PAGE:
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Activists want Indonesia to prosecute Myanmar junta

UCA News - September 8, 2022

A group of rights activists and organizations has petitioned Indonesia's Constitutional Court to amend a law to allow the prosecution of the Myanmar junta for gross human rights violations.

They requested that one of the articles of a 2020 Law on the country's Human Rights Court be revised so that it not only allows the prosecution of Indonesian citizens who commit gross human rights violations outside Indonesia, but also citizens of other countries.

The petitioners under the umbrella of the Universality of Human Rights Team group include Marzuki Darusman, a former attorney-general who served as chair of an independent fact-finding mission on Myanmar under the UN's Human Rights Council in 2017 and the UN special rapporteur on human rights in North Korea in 2010.

The petition is also supported by the legal aid arm of Muhammadiyah, Indonesia's second-largest moderate Muslim organization, the Legal Aid Institute for the Press and the Alliance of Independent Journalists.

According to the group's attorney, Feri Amsari, the current provisions "severely limit the jurisdiction of national courts in exercising universal jurisdiction over the most serious crimes under international law."

This also contradicts the constitution under which "everyone has the right to recognition, guarantees, protection and fair legal certainty and equal treatment before the law."

He said the petition was in response to human rights violations by the Myanmar junta in recent years, including the execution of four political prisoners in July which sparked global outrage.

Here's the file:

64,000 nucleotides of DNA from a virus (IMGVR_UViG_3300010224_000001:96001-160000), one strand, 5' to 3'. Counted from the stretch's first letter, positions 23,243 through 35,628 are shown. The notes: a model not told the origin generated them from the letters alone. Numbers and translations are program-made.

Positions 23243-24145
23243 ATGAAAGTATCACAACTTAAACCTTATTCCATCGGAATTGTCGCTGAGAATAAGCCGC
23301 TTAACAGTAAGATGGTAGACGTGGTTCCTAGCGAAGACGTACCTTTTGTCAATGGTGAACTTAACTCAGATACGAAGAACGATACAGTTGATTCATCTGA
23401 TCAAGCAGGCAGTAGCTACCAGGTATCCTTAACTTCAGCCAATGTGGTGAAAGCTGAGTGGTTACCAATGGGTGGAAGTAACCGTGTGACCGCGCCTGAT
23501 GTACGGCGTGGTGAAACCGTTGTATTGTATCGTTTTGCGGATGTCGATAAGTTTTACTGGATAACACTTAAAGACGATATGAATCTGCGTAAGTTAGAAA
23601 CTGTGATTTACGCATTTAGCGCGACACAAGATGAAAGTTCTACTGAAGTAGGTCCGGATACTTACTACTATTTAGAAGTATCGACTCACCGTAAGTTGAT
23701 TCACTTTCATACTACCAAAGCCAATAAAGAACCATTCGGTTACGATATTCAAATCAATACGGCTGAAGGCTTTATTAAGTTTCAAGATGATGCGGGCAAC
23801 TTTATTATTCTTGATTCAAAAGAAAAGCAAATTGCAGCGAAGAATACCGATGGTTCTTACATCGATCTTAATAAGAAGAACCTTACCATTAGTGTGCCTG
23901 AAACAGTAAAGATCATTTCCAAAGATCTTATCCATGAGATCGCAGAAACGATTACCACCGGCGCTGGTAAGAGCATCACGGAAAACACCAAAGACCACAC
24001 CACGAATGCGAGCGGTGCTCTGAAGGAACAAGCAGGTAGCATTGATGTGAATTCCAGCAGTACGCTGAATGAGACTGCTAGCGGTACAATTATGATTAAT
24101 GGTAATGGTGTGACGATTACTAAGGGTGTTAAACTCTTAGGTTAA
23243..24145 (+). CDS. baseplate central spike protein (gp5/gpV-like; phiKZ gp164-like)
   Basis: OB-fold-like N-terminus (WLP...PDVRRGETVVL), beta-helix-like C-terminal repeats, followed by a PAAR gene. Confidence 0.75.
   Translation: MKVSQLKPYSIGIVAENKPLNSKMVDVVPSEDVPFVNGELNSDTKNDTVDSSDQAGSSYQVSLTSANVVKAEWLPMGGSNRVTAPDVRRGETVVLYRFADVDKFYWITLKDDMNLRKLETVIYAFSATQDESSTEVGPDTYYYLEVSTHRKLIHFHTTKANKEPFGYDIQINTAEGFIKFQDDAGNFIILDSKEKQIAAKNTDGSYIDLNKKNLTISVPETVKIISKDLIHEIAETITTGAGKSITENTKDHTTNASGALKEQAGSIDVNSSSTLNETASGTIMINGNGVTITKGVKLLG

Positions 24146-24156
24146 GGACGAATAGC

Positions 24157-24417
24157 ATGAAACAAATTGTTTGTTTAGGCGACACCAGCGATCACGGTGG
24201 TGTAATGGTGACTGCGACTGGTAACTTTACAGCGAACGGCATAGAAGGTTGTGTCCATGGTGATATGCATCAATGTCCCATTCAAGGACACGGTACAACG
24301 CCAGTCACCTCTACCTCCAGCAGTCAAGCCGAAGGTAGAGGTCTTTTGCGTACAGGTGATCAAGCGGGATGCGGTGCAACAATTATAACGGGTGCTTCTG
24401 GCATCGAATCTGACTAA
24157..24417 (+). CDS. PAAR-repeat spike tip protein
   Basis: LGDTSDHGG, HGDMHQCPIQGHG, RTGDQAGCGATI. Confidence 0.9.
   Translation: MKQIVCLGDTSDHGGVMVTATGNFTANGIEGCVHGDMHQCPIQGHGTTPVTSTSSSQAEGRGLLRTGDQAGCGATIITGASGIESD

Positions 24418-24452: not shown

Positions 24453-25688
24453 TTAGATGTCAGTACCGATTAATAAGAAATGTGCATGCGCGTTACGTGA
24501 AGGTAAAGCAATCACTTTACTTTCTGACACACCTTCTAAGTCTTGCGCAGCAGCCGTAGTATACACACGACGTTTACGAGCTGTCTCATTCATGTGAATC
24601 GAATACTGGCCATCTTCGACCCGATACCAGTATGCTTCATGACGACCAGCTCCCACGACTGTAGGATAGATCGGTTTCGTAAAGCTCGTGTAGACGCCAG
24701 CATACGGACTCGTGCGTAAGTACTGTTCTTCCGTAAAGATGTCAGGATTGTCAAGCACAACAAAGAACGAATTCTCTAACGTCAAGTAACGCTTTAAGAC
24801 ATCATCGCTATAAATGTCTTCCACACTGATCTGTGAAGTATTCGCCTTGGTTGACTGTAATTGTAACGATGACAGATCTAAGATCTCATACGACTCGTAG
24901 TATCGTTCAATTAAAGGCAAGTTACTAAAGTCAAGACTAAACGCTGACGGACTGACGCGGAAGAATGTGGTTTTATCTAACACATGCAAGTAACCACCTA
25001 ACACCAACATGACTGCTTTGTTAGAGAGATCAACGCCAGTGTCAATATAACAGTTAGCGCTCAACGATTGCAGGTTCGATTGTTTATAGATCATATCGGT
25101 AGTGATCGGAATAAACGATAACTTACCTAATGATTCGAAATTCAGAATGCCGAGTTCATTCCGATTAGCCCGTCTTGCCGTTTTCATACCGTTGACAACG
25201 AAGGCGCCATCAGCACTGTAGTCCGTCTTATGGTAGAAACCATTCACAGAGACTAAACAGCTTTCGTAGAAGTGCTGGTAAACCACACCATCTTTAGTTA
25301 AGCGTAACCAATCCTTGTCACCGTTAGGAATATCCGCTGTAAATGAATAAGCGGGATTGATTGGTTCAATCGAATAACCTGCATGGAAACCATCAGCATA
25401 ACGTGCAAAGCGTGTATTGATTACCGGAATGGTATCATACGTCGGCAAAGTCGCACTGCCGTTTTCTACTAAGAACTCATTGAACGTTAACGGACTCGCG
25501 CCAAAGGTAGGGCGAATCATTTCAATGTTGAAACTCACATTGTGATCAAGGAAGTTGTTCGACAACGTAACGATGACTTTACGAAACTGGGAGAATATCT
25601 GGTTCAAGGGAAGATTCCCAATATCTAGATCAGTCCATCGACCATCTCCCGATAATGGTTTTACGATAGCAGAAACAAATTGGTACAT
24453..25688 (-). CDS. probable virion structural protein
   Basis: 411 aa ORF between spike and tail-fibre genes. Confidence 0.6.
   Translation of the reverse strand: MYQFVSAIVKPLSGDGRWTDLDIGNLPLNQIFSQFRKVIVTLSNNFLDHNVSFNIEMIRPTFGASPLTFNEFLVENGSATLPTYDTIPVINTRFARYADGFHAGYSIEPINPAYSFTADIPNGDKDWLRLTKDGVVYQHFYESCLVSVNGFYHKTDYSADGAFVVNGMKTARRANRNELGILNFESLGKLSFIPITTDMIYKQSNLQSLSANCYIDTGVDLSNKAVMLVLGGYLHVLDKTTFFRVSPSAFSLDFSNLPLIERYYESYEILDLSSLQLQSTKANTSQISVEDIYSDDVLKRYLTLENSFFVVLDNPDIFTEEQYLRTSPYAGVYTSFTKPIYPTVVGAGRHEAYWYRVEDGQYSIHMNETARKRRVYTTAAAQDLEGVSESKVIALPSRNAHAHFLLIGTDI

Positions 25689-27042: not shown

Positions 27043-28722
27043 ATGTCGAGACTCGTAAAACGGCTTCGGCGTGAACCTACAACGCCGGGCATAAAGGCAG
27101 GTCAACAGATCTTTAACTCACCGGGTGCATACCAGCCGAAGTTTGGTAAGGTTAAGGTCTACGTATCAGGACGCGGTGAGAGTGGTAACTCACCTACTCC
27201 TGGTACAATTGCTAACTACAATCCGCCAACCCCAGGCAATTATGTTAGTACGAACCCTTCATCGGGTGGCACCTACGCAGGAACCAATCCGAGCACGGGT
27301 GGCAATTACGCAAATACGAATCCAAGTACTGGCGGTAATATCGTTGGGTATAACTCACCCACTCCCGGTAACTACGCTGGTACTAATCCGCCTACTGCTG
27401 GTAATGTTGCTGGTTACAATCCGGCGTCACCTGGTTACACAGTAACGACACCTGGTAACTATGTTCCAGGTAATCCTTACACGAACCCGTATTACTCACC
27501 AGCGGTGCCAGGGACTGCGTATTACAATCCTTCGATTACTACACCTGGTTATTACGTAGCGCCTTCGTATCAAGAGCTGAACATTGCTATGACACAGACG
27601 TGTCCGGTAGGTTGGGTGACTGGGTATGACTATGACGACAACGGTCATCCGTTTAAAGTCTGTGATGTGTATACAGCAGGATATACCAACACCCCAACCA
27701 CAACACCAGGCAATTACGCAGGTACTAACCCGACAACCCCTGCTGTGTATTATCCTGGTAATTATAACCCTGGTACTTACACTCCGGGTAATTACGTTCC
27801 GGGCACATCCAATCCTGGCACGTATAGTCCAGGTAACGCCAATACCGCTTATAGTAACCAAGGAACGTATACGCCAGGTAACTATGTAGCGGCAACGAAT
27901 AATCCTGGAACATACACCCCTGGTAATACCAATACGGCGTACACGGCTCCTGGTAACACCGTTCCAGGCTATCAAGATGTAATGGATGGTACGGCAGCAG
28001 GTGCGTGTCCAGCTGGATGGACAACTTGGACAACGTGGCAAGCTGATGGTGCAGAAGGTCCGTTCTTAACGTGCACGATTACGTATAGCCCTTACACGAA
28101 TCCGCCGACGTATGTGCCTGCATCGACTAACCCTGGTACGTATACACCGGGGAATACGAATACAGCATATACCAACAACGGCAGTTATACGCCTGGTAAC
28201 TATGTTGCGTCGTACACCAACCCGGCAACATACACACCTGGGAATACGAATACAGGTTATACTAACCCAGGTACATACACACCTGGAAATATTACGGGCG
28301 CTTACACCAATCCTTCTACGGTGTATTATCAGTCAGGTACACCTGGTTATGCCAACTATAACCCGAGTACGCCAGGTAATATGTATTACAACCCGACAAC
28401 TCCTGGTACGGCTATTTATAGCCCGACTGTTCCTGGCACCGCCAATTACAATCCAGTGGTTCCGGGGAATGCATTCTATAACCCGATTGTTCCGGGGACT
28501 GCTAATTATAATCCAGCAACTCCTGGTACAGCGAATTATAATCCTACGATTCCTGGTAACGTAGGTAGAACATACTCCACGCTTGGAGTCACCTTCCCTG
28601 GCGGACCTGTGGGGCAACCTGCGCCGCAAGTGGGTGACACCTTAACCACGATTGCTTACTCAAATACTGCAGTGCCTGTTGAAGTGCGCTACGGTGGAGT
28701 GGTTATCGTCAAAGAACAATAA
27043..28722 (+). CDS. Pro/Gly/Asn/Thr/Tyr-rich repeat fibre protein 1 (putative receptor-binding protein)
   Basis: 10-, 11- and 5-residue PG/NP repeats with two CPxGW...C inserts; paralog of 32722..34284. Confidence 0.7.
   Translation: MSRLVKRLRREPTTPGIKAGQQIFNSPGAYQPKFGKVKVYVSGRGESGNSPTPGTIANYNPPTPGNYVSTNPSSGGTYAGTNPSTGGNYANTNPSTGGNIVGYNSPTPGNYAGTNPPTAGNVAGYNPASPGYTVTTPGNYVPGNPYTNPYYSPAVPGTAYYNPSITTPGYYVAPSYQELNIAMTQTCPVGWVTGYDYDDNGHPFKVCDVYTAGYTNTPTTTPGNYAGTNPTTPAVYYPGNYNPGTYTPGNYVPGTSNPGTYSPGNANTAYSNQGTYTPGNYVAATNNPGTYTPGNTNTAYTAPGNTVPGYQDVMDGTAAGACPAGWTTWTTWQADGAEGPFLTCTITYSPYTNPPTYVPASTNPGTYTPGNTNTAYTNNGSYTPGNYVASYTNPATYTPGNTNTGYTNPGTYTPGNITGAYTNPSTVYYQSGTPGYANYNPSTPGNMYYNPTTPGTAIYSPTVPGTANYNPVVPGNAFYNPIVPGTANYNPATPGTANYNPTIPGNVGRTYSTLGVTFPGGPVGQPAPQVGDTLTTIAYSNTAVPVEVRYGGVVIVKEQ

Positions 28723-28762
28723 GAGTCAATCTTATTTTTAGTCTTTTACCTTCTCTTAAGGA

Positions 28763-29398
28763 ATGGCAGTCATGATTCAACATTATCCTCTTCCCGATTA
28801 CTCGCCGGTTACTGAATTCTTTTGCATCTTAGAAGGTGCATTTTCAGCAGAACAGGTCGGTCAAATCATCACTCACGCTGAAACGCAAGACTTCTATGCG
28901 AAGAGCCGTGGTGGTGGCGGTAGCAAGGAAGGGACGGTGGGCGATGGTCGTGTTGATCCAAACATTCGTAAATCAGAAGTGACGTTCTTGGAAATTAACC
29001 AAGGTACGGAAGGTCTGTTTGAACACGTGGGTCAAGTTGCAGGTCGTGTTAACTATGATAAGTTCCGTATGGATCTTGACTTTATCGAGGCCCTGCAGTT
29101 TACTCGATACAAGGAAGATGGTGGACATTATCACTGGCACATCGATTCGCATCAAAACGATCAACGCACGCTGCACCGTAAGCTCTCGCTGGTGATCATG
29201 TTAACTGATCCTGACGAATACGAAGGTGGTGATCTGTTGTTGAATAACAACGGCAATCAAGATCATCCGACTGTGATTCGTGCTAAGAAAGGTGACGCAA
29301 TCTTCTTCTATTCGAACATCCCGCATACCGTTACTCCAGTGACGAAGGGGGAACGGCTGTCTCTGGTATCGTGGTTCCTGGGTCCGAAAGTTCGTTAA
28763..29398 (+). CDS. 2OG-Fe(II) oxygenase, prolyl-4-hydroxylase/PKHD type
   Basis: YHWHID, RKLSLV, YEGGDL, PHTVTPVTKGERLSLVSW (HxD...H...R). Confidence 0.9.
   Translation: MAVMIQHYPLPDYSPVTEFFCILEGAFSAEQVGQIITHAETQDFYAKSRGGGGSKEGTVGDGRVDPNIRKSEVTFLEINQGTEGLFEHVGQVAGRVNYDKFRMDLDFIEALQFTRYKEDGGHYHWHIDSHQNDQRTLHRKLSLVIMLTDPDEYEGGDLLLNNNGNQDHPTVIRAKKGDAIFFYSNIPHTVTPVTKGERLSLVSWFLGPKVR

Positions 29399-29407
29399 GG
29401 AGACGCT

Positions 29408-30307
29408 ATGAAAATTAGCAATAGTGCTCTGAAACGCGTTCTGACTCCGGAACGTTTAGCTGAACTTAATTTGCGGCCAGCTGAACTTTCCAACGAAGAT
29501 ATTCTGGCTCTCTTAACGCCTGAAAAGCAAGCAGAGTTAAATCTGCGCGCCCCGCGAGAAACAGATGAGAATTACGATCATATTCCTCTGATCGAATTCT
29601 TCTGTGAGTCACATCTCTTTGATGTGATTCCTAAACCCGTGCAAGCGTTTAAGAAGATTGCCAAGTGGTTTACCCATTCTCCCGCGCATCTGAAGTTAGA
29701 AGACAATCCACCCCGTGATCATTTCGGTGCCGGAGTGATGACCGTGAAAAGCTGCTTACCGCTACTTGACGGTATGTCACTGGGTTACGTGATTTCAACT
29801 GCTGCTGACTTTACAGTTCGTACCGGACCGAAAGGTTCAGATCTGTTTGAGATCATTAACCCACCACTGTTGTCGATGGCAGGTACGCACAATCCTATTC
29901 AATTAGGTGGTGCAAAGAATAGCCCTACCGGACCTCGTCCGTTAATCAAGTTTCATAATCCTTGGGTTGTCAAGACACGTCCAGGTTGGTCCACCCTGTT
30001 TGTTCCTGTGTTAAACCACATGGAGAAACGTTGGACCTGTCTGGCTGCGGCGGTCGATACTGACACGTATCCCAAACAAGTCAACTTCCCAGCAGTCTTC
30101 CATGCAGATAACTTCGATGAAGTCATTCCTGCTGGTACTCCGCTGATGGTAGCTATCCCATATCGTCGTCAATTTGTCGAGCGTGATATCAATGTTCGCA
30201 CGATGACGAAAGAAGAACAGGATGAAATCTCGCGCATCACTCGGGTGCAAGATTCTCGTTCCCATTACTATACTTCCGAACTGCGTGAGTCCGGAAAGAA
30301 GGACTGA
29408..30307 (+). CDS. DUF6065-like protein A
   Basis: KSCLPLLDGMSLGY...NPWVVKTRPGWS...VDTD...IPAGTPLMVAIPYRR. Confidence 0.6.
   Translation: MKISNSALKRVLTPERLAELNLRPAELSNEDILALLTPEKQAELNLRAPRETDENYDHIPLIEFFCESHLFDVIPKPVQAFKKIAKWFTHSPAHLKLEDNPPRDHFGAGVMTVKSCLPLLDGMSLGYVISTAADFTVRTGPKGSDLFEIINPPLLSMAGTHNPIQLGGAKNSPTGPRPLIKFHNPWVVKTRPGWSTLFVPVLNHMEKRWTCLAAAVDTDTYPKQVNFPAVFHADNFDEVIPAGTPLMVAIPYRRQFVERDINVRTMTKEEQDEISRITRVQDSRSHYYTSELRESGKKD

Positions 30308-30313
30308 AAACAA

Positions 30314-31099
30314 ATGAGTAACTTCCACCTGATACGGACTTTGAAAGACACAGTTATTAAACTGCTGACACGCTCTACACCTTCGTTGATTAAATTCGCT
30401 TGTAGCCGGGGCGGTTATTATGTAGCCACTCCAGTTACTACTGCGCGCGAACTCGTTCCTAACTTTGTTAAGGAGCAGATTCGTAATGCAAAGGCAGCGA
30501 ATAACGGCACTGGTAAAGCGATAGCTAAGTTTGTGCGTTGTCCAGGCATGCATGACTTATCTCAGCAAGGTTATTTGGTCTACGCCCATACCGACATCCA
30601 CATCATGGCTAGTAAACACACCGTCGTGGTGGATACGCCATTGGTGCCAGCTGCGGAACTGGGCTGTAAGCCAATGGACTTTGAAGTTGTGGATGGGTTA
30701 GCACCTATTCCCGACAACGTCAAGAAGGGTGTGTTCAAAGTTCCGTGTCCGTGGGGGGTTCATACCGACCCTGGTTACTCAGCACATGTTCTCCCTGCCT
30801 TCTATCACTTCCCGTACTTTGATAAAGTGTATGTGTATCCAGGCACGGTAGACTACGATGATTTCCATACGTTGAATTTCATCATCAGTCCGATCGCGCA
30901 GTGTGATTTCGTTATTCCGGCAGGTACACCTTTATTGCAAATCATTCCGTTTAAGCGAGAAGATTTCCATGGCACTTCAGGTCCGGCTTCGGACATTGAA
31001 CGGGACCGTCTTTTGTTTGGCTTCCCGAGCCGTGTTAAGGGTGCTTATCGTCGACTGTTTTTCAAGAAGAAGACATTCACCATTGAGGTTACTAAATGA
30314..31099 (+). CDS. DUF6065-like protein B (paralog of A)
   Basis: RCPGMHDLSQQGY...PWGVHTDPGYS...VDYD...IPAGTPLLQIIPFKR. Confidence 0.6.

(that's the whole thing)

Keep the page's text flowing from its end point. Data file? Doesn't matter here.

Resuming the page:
"There is an extraordinary case in Myanmar, where 2,000 people have been killed, 15,000 people are missing or disappeared, 1.2 million people need humanitarian assistance and ASEAN countries are silent," he told reporters.

He said Indonesia holds a strategic position because Jakarta is the capital of the bloc, ASEAN leaders go back and forth to Jakarta, including the perpetrators of gross human rights violations.

"So, if this petition is granted, they cannot haphazardly enter Jakarta because it is not impossible that they will be prosecuted," said Amsari, a lecturer at Andalas University in Padang, West Sumatra.

"For the sake of respect for the principle of universality, for the protection of Myanmar citizens who are also human beings, for the sake of ASEAN brotherhood, for the protection of democracy, we submit this petition," he added.

Sasmito Madrim, chairman of the Alliance of Independent Journalists, said they could not just stand by watching activists, including journalists, being executed by the Myanmar junta.

"The task of journalists themselves is included in the task and work of the human rights struggle by ensuring that information on human rights violations in Myanmar can be conveyed clearly and transparently to the world community," he said.

"We hope that through this legal effort, human rights criminals in Myanmar in particular and in other countries across the world can be tried in Indonesia," he said.

Maria Catharina Sumarsih, a Catholic human rights activist whose son was shot during 1998 riots that led to the collapse of the authoritarian regime of the late dictator Suharto, said she supports the group's move.

"I hope that their move can also go hand in hand with concrete steps by the Indonesian government to prosecute gross human rights violation cases here that have not yet been resolved," she told UCA News.

"Indonesia will certainly have more authority to talk about human rights if cases at home are also prioritized," she added.

A number of gross human rights violation cases have yet to be resolved, including the massacre of alleged communist sympathizers in 1965-66, the enforced disappearance of activists and the shooting of students during the 1998 riots, as well as the shooting of Papuan students in 2014.

Source: https://www.ucanews.com/news/activists-want-indonesia-to-prosecute-myanmar-junta/9869